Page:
• (Langton, L. & Planty, M. (2010). Bureau of Justice Statistics Special Report, National Crime Victim Victimization Survey Supplement, Victims of Identity Theft 2008. Washington, D.C.: U.S. Department of Justice, Office of Justice Programs, Bureau of Justice Statistics. Through http://bjs.ojp.usdoj.gov/index.cfm?ty=tp&tid=42.
  • Langton, L. & Planty, M. (2010). Bureau of Justice Statistics Special Report, National Crime Victim Victimization Survey Supplement, Victims of Identity Theft 2008. Washington, D.C.: U.S. Department of Justice, Office of Justice Programs, Bureau of Justice Statistics. Through http://bjs.ojp.usdoj.gov/index.cfm?ty=tp&tid=42.
  • Idaho has a CREDIT REPORT PROTECTION ACT found in TITLE 28 COMMERCIAL TRANSACTIONSCHAPTER 52Idaho(security freeze rights established by state law)Eligibility: All consumers.Fees: No fees for identity theft victims with police reports. All others pay a $6 fee to place the freeze, lift it temporarily, or remove it altogether. $6 PIN replacement fee.Effective date of law: July 1, 2008Permanent freeze remains until removal requested by consumer.A security freeze stops most access to your credit reporting file until you temporarily lift the freeze or you remove it. The freeze should prevent new account identity theft, because most businesses will not open credit accounts without first checking a consumer’s credit history. If your credit files are frozen, even someone who has your name and Social Security number probably will not be able to open new credit accounts in your name. In order to get a security freeze, you must contact each consumer reporting agency separately. Unless you are a victim of identity theft, you’ll have to pay fees to each consumer reporting agency of $6 for each placing or temporary lifting of a security freeze. Each consumer reporting agency to whom you make a request must place the freeze no later than three (3) business days after receiving your request. Within five (5) business days from placing the freeze on your account, each consumer reporting agency from whom you requested a security freeze must send you a confirmation letter containing a unique PIN (personal identification number) or password. Keep this PIN or password in a safe place.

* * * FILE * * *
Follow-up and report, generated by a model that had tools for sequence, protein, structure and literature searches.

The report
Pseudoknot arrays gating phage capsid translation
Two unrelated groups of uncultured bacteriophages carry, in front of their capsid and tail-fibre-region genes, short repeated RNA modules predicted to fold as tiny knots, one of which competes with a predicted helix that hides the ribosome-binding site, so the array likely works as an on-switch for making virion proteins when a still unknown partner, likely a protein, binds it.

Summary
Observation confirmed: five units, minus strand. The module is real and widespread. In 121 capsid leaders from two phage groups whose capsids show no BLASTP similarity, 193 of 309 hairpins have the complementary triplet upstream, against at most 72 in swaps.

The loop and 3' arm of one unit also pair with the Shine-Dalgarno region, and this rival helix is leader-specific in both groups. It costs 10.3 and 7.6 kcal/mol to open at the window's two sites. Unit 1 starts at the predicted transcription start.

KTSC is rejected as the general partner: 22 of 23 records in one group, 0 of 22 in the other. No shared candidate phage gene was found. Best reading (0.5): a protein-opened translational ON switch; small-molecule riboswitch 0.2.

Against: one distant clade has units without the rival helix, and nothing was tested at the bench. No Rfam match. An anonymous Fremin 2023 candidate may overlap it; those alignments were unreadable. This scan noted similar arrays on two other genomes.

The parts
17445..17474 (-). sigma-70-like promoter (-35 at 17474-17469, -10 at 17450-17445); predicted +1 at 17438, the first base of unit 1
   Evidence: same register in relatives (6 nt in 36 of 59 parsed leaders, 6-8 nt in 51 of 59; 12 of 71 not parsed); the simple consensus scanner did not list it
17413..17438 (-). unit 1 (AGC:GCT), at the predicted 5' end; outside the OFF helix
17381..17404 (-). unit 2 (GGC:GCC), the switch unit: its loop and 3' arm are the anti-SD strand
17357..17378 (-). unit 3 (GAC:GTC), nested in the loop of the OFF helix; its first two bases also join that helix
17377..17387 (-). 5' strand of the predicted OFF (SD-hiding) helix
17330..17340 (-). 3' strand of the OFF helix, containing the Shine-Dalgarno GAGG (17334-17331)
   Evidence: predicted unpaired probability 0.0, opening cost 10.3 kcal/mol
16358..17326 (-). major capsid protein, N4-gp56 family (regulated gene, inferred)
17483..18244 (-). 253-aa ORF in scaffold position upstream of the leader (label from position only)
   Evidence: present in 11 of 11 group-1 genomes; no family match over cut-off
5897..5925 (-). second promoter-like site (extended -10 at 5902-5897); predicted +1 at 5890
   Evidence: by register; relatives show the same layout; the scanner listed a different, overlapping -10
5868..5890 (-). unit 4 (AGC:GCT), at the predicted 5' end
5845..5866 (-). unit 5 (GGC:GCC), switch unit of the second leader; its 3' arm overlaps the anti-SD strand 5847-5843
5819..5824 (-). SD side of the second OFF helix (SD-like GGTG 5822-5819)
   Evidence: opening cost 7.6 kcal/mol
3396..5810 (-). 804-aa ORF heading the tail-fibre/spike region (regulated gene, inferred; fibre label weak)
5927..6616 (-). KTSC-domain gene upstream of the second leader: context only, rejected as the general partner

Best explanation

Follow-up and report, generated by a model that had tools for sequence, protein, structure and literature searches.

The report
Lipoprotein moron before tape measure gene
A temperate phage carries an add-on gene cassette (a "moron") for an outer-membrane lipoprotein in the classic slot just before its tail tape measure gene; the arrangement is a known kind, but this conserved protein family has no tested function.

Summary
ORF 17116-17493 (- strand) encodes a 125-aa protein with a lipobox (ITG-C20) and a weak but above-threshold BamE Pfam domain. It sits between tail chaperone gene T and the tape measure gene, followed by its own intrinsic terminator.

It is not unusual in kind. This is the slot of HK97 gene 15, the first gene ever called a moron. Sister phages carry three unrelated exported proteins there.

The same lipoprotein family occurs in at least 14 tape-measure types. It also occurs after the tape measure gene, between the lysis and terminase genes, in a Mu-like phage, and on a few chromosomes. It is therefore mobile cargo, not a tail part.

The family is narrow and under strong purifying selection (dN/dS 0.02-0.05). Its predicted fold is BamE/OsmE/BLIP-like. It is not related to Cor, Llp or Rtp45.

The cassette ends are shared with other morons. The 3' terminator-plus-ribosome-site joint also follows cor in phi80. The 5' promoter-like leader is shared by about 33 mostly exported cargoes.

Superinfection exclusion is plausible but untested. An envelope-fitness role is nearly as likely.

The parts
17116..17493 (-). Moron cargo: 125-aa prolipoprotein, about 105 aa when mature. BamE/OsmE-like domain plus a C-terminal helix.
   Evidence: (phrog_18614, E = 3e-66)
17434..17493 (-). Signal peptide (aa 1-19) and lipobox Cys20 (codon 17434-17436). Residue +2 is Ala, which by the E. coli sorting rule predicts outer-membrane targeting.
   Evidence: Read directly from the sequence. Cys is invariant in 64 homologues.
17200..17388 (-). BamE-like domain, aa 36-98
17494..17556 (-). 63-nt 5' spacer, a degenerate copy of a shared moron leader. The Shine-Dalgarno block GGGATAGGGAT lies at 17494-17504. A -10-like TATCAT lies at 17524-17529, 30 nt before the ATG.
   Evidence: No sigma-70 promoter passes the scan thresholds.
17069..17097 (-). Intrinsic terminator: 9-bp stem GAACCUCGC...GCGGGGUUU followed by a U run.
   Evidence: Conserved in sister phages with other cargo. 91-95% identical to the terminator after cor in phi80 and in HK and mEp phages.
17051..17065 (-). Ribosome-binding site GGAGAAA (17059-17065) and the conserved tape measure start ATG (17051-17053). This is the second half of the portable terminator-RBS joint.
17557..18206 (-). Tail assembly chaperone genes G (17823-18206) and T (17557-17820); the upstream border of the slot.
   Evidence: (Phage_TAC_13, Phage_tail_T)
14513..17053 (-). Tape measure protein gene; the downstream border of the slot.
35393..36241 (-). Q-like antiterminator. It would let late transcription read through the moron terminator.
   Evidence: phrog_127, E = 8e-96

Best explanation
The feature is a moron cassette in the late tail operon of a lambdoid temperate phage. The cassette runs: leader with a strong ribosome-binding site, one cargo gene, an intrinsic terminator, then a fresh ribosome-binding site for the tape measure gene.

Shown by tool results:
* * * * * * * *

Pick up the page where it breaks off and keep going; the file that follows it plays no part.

• Training for Child Court Appointed Advocates

    1. 1. Learn how you can provide effective assistance to identity theft victims in your community